Tanvi Trivedi (BOMBAY TIMES; August 12, 2017)

A girl who smokes and has tattooes on her body isn't the best girl to take home to your mother. But this is a notion that exists in our society. In India, tattooed and smoking women are often viewed as promiscuous. Kriti Sanon, who essays the role of a small-town girl in Bareilly Ki Barfi, questions the stigma. In the film, too, her character Bitti strives to break this stereotype.

She says, “Smoking is not good for health and should be avoided. I am a non-smoker, but the point we want to make is that girls who smoke, who are fond of body art or break into a jig are not characterless. Our society has a very small bracket for 'good girls'. That bracket needs to broaden up or change. When a guy is moophat or smokes, he is not considered characterless, but you judge girls too fast. This is seen more in smaller towns. In an arranged marriage too, only a girl is asked all kinds of questions. I really want this to change.“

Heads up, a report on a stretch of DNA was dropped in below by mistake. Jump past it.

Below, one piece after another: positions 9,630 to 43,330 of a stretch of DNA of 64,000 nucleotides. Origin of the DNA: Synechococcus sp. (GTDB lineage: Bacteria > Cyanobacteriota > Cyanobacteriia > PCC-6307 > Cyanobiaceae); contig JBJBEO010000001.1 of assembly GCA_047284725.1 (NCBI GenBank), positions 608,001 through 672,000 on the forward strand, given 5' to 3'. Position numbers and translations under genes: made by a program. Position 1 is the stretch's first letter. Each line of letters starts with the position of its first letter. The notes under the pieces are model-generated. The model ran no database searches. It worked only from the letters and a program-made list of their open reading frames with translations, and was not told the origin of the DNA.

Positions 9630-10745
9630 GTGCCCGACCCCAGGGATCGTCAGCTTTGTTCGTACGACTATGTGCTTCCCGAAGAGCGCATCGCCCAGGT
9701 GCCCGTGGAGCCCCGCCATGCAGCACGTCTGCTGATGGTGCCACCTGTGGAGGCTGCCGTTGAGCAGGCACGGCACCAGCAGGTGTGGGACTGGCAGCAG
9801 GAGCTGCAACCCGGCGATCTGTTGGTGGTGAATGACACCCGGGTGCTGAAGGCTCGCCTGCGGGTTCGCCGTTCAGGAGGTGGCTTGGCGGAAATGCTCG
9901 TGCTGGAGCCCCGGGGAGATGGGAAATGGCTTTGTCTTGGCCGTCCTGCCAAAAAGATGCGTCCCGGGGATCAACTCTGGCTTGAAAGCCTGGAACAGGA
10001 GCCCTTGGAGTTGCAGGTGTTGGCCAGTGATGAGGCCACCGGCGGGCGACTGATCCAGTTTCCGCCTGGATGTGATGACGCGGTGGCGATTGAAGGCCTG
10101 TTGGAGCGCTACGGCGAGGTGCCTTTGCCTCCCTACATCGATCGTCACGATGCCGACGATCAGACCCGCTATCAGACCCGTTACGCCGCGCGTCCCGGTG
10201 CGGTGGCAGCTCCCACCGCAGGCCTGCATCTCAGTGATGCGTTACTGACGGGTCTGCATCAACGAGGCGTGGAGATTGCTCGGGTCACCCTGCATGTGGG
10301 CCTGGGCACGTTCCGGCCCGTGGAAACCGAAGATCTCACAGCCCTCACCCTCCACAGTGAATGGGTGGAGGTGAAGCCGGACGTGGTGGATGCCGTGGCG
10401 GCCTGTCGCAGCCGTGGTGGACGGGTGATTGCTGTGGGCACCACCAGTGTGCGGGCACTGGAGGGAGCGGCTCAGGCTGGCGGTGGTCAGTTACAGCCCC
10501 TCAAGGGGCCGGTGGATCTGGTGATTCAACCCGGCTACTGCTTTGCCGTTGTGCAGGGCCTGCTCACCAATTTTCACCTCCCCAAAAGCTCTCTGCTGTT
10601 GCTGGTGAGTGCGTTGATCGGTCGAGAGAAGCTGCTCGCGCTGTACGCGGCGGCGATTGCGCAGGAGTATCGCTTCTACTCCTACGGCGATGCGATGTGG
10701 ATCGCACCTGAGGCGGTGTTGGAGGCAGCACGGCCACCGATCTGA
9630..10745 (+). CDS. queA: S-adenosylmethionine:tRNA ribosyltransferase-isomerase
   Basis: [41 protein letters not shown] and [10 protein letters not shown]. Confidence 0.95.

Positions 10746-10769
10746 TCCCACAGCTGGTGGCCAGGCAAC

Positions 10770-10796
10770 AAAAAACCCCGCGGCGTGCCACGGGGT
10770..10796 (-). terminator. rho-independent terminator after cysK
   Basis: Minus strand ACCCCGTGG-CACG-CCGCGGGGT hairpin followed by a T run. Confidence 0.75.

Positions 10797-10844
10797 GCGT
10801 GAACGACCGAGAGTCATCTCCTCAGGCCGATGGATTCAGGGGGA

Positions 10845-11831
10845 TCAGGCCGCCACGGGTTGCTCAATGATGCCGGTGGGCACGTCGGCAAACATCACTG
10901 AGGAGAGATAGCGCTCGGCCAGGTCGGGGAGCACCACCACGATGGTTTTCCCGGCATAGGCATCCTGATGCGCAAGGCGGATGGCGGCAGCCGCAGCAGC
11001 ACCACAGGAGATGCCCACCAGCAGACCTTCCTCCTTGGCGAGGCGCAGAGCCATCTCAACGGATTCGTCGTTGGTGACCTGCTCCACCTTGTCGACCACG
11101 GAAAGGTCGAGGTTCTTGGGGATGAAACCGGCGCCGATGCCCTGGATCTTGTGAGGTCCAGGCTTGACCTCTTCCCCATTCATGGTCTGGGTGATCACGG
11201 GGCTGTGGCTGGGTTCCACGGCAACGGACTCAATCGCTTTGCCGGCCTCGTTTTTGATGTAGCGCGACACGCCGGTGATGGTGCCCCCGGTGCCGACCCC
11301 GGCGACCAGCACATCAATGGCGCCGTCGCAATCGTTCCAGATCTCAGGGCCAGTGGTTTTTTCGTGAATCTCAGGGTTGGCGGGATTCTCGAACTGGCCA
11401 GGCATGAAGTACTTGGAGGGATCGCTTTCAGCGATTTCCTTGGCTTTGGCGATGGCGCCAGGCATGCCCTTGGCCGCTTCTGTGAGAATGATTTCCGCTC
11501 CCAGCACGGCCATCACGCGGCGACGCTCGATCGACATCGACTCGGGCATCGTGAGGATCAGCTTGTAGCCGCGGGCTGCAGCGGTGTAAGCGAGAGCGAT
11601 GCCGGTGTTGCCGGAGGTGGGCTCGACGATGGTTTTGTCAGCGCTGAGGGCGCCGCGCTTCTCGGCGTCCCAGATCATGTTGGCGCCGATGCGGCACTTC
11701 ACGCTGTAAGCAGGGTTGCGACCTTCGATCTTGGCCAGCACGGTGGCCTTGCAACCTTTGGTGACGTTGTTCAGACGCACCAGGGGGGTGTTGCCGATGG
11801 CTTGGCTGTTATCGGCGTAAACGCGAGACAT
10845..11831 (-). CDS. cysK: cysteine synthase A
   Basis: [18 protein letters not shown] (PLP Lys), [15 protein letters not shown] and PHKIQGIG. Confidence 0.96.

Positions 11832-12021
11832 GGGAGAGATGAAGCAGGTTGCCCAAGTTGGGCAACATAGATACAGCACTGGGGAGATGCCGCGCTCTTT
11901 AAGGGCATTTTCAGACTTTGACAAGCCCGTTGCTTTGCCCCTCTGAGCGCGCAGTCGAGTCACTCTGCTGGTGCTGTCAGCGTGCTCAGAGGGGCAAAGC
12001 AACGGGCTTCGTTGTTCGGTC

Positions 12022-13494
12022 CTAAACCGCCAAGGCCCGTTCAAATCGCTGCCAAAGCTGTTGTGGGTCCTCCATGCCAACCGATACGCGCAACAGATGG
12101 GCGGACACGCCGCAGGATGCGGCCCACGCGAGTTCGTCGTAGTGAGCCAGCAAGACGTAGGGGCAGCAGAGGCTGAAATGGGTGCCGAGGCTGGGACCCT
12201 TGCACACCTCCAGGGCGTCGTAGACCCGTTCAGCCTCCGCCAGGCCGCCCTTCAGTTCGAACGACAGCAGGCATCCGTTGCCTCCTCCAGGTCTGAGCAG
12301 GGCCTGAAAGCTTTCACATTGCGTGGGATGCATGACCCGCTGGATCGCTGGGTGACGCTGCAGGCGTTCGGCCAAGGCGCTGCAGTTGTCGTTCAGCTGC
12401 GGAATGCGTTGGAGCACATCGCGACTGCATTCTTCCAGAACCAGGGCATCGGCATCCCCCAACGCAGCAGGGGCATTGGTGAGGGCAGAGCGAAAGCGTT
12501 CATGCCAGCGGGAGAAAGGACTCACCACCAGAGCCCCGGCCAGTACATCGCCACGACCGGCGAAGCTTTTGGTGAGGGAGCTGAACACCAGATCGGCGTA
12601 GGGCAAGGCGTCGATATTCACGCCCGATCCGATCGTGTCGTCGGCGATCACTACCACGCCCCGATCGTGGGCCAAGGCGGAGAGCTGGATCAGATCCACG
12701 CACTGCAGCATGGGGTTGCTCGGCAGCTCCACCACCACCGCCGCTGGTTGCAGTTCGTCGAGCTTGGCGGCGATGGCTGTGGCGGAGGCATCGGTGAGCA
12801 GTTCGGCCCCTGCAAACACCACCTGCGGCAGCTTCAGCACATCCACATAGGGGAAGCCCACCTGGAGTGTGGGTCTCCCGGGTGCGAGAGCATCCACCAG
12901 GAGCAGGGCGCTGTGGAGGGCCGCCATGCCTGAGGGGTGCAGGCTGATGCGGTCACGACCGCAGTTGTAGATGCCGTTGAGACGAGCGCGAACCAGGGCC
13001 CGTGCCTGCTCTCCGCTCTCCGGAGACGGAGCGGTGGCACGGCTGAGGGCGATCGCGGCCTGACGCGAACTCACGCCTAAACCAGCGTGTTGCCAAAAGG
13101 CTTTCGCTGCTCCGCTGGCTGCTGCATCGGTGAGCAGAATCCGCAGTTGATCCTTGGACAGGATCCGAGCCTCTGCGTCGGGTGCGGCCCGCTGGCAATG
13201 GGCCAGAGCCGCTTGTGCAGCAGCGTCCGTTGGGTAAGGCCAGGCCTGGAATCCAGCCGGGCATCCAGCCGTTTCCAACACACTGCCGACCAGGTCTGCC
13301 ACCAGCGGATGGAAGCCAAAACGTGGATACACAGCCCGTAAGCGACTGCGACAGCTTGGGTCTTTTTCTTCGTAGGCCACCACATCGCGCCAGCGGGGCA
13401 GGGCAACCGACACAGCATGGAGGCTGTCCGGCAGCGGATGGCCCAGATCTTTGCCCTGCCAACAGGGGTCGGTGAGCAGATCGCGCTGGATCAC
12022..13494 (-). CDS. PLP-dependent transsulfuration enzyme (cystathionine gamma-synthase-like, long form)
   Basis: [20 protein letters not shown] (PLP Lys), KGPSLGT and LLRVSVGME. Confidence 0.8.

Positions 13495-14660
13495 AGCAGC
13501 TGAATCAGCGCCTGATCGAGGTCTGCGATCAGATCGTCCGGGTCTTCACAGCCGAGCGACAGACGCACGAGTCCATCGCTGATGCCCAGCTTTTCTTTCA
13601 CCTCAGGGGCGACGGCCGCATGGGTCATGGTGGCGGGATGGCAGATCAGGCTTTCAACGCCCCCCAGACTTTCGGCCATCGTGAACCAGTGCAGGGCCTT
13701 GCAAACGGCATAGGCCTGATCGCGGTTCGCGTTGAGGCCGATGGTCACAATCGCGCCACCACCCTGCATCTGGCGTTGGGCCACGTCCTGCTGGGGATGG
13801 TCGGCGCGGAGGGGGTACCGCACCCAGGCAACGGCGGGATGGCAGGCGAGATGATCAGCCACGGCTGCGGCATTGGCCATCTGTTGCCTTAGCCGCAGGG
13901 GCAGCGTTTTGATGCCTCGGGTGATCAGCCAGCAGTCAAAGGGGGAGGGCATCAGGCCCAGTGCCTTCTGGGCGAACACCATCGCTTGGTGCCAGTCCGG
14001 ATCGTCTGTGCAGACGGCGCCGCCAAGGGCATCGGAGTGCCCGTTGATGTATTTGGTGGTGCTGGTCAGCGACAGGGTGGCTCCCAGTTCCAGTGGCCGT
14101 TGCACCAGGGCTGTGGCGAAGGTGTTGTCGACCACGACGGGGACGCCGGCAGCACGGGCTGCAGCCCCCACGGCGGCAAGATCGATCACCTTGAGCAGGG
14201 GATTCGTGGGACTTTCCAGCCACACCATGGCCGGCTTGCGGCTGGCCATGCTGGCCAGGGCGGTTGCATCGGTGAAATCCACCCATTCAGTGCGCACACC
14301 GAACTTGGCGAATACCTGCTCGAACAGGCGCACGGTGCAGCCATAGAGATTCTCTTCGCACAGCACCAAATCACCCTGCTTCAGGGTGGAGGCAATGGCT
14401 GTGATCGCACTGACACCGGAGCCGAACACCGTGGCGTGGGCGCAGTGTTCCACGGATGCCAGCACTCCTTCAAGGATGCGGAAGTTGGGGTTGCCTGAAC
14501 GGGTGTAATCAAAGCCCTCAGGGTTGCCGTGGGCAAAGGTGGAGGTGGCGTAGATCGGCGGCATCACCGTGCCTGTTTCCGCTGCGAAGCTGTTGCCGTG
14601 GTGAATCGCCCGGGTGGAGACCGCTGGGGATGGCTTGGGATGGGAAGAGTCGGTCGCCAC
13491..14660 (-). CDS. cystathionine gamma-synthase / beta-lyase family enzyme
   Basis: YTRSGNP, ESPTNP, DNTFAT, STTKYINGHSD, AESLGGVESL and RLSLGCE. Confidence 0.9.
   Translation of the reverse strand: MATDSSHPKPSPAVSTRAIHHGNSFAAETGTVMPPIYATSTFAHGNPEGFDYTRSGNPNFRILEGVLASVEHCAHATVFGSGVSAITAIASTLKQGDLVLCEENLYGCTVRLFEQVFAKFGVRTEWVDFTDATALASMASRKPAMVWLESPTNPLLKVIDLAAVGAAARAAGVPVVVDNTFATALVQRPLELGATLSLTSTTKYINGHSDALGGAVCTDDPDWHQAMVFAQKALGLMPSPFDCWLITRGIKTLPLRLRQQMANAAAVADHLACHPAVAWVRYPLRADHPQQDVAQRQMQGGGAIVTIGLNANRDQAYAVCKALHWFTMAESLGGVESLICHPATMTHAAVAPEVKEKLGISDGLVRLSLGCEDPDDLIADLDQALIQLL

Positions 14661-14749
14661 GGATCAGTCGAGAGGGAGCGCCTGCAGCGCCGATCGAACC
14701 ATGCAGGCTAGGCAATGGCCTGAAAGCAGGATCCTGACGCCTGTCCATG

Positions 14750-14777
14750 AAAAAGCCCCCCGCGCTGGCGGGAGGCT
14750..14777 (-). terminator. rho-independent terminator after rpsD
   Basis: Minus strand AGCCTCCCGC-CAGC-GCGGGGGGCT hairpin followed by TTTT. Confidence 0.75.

Bareilly Ki Barfi, produced by Junglee Pictures and BR Studios has been directed by Ashwiny Iyer Tiwari and written by Nitesh Tiwari (director of the blockbuster Dangal).